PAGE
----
November 13, 2012; Source: The Catalyst (Living Cities)
Have you noticed how the presidential campaign was all about, or mostly about, the competing jobs plans of the two candidates, but the “jobs, jobs, jobs” issue faded from public and political attention as the nation shifted to the deficit and a “grand bargain”? Maybe it is now time that we all spend more effort framing strategies for jobs creation in this difficult economic environment.
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There’s no question that Madeline Janis, the co-founder of the Los Angeles Alliance for a New Economy (LAANE), is the last person who will let the jobs issue slide. Her blog posting for Living Cities contends that “there is a lot that our government can do to double or triple the number of jobs that are being created in the US with the same or similar amounts of money” that are currently being devoted ostensibly to job creation. She argues for “do(ing) things in a smarter and more strategic way to get much better results.”
Her key idea is this: Have governmental agencies carry out their procurement functions with a strategy other than the simplistic search for cheapest price. Instead “create a ‘best value’ approach to purchasing goods and services, and insert criteria around job creation, access to those jobs, some basic standard of quality (like living wages) for those jobs as well as some minimal environmental sustainability criteria into their purchasing decisions.” She adds, “Insist that that companies that want to sell us (meaning our government) goods and services compete based on the number and quality of US jobs they create as well as the quality of the product or service and the price.”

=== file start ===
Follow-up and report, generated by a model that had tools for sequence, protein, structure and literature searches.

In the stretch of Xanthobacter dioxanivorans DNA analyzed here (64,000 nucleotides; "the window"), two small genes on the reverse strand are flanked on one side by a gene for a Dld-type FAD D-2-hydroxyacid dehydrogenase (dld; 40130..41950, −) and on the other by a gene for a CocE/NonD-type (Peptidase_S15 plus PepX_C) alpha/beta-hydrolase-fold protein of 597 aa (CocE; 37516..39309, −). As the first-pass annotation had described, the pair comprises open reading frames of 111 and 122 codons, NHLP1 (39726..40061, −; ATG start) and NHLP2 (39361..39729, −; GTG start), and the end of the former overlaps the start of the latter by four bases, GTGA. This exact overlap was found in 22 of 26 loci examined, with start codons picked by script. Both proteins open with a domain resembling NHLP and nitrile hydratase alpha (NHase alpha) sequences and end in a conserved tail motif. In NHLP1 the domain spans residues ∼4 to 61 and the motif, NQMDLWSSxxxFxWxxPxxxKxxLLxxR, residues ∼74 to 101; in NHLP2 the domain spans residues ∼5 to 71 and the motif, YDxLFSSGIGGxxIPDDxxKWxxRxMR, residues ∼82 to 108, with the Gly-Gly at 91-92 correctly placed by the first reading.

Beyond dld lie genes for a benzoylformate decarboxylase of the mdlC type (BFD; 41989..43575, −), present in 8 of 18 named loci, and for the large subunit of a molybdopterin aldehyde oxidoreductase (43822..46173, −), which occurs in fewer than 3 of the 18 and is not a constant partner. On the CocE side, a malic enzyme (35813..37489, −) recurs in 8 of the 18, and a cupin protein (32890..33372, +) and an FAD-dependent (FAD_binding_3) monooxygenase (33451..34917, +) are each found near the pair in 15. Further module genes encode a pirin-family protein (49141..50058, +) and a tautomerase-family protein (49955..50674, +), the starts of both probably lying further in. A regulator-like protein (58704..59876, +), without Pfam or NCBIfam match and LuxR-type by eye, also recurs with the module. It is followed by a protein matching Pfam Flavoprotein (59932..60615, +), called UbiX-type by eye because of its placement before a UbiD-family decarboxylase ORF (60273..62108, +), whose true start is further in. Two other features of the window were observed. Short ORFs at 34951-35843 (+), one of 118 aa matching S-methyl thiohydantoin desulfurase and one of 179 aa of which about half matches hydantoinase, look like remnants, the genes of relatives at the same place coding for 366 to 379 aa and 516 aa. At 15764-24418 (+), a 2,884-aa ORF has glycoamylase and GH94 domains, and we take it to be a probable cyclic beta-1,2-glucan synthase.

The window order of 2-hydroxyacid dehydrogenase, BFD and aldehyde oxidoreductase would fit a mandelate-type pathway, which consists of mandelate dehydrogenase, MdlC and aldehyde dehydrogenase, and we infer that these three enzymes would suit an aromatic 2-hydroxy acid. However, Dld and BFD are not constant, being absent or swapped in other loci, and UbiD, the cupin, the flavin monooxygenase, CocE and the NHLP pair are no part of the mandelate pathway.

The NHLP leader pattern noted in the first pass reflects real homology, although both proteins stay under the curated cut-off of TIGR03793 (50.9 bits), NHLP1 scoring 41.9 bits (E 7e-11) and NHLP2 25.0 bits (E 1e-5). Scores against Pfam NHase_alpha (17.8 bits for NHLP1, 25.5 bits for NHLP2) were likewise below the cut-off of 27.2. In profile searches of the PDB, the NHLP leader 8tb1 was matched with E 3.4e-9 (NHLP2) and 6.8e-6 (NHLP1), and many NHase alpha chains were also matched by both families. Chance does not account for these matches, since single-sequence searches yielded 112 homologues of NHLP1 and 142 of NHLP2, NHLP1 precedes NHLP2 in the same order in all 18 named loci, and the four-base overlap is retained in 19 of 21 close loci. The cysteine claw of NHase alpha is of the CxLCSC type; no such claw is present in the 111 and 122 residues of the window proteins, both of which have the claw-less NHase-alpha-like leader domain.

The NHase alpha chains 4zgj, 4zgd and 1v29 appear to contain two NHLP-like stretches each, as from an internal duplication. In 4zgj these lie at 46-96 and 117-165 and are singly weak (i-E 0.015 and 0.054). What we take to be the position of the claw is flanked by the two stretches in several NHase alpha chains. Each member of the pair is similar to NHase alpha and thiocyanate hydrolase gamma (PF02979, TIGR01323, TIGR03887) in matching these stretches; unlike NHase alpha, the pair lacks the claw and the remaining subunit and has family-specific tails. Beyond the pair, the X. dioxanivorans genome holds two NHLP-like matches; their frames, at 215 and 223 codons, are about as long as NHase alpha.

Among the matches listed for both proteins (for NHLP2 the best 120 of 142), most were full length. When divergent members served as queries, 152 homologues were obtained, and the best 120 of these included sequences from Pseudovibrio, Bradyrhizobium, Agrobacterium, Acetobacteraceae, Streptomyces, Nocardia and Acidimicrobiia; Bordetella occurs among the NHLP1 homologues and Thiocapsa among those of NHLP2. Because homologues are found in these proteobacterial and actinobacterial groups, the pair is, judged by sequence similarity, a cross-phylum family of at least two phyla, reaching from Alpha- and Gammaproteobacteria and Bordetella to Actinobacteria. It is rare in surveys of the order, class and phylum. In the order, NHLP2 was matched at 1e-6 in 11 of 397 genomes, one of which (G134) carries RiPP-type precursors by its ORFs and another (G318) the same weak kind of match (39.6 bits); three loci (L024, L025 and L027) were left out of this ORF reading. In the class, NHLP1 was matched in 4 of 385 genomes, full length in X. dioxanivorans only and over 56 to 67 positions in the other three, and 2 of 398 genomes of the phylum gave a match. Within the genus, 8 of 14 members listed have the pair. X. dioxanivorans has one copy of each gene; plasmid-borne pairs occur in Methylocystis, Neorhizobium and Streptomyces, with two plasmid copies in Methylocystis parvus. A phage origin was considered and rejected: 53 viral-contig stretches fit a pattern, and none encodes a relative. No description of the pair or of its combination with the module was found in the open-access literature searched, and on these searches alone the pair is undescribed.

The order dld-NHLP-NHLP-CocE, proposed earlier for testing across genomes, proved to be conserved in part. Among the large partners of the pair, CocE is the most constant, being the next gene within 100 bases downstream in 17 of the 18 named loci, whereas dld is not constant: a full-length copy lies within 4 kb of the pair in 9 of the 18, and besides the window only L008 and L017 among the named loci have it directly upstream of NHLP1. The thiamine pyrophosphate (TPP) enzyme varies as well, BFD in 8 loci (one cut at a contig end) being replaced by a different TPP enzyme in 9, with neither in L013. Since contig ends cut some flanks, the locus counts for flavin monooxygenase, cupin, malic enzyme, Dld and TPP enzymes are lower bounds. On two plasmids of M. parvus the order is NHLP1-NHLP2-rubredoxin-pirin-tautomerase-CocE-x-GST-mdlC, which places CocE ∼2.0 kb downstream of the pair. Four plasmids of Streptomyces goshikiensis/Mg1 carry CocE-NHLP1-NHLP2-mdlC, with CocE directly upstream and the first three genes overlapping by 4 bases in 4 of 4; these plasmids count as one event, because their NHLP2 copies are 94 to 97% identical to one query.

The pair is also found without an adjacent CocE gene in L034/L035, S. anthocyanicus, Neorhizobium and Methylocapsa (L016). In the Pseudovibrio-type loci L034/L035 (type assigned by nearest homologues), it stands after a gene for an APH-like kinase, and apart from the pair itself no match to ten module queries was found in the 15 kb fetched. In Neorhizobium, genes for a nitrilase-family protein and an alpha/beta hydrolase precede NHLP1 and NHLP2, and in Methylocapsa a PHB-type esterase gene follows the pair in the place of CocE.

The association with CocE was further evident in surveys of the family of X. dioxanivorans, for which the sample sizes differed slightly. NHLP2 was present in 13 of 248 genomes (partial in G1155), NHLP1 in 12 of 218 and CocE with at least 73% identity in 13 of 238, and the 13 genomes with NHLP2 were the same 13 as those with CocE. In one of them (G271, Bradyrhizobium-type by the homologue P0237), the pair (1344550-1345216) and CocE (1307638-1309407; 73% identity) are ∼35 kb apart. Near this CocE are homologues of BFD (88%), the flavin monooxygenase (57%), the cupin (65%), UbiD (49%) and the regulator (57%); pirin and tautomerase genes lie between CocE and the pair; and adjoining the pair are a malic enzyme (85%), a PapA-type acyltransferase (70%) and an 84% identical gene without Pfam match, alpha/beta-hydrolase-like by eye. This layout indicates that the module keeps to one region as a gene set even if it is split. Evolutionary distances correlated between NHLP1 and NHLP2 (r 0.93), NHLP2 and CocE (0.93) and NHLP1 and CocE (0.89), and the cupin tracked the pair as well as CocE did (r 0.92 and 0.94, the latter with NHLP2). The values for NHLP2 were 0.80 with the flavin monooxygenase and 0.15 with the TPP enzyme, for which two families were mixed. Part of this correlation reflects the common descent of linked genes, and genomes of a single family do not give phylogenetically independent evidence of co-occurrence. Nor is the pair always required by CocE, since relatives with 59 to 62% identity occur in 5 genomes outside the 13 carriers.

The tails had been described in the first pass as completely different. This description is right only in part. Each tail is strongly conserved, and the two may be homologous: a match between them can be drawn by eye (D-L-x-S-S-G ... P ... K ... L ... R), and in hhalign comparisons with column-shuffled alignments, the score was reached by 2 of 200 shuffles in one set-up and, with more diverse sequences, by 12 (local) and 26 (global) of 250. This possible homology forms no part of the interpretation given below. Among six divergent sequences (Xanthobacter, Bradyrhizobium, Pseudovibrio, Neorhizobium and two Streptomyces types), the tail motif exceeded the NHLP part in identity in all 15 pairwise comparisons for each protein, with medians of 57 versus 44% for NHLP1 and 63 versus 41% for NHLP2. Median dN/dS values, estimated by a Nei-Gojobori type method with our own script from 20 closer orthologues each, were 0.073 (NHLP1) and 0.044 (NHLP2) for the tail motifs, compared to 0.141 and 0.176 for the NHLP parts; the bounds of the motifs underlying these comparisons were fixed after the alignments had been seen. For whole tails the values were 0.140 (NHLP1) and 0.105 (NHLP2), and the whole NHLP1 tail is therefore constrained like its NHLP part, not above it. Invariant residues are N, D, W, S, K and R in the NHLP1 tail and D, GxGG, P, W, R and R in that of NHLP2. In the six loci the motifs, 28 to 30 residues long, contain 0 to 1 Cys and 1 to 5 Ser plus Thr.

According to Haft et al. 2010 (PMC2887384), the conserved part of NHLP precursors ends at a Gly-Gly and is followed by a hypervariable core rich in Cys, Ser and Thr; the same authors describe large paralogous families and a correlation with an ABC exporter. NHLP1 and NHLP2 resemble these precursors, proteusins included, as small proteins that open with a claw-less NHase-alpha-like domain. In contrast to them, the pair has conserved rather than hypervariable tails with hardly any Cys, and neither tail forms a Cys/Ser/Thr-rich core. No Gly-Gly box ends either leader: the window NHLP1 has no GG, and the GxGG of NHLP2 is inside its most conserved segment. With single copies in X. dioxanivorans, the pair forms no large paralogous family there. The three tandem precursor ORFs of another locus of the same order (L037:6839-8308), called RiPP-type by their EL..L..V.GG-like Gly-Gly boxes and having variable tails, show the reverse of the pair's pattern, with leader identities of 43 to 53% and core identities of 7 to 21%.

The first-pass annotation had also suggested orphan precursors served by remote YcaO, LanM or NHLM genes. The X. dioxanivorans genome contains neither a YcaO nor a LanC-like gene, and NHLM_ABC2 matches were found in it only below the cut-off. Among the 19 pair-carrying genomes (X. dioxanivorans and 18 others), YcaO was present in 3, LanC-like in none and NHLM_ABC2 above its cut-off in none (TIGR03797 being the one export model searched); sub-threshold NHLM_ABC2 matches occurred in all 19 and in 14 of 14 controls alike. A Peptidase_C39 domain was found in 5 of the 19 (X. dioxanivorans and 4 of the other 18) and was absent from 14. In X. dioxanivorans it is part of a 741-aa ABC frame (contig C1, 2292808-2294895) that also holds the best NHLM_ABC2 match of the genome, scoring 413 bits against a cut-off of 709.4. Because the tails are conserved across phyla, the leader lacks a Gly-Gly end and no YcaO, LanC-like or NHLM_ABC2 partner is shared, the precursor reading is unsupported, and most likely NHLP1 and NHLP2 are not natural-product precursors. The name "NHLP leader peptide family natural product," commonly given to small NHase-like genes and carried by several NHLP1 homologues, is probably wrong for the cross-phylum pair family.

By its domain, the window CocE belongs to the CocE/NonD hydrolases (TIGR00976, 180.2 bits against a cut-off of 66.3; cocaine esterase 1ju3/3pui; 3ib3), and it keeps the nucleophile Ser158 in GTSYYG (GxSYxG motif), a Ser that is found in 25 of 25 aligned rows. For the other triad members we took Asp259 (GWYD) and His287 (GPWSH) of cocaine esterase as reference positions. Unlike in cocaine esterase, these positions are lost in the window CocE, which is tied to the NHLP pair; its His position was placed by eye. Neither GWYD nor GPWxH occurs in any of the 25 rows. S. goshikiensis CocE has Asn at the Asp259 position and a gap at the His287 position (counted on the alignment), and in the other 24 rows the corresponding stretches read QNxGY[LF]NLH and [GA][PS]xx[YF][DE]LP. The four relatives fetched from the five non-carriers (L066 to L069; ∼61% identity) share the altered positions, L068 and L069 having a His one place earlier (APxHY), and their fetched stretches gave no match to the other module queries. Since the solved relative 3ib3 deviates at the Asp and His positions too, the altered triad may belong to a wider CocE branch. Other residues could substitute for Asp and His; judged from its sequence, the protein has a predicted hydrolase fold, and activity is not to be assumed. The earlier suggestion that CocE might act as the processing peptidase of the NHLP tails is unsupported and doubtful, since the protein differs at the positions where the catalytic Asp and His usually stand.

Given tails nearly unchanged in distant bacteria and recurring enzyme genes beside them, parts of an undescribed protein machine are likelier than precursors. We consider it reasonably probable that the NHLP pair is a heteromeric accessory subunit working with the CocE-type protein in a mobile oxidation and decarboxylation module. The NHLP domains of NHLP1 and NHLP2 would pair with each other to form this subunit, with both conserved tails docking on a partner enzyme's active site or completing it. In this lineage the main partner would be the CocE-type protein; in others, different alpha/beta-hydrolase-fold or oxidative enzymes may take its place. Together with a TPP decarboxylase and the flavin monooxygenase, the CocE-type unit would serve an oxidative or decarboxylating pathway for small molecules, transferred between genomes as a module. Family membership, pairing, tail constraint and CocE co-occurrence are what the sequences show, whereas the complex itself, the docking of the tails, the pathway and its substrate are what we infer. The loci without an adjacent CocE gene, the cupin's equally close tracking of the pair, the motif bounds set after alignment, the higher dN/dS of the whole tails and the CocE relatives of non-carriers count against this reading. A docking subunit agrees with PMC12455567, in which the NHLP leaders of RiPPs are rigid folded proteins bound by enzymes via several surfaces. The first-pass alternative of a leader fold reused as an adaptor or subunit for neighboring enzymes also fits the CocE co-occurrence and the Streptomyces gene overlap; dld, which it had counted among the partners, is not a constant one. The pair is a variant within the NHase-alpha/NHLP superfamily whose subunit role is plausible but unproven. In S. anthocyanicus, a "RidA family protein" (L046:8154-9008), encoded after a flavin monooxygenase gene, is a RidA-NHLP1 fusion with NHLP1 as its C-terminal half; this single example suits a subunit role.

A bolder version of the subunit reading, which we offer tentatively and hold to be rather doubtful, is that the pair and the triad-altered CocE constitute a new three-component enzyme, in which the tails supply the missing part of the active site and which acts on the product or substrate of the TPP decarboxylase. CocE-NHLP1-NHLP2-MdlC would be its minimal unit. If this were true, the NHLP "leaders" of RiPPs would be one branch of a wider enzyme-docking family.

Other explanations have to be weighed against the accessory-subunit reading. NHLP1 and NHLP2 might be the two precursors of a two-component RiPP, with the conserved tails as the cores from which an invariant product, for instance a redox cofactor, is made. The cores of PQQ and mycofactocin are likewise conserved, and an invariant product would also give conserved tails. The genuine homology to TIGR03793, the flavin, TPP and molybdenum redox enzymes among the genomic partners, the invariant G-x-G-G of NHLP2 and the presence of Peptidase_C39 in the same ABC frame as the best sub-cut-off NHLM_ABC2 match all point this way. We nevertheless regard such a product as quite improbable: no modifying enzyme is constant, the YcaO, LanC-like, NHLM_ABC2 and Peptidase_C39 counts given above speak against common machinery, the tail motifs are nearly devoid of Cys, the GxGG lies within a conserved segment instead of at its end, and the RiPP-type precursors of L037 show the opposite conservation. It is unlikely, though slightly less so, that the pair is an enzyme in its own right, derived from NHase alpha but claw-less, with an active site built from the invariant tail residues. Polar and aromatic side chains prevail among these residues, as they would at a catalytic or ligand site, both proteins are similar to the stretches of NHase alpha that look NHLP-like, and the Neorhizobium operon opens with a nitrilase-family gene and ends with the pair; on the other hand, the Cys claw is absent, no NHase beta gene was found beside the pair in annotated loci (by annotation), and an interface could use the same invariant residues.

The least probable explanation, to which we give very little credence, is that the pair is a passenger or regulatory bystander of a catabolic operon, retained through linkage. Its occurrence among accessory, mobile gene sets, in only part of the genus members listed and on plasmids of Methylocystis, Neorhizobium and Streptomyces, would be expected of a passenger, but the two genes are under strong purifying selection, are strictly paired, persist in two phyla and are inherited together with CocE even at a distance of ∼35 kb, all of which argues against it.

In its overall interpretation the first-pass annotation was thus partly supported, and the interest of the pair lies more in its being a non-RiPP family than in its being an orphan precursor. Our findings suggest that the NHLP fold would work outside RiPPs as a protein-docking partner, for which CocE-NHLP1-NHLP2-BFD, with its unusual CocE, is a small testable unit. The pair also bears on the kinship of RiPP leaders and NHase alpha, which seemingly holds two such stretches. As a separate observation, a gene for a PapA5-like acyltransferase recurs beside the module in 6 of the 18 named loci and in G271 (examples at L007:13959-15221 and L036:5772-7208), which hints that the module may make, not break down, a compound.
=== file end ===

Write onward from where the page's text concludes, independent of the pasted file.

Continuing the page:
Janis acknowledges that her brief explanation of the idea is oversimplified, but the notion makes sense – applying more criteria to government procurement than just low prices. It also makes sense in another way: Nonprofits have experience and ideas to contribute to the debate over creating jobs for America’s underemployed and unemployed. The question is, is there a public forum involving our nation’s top leaders where they are willing to hear what the nonprofit has to suggest and teach? –Rick Cohen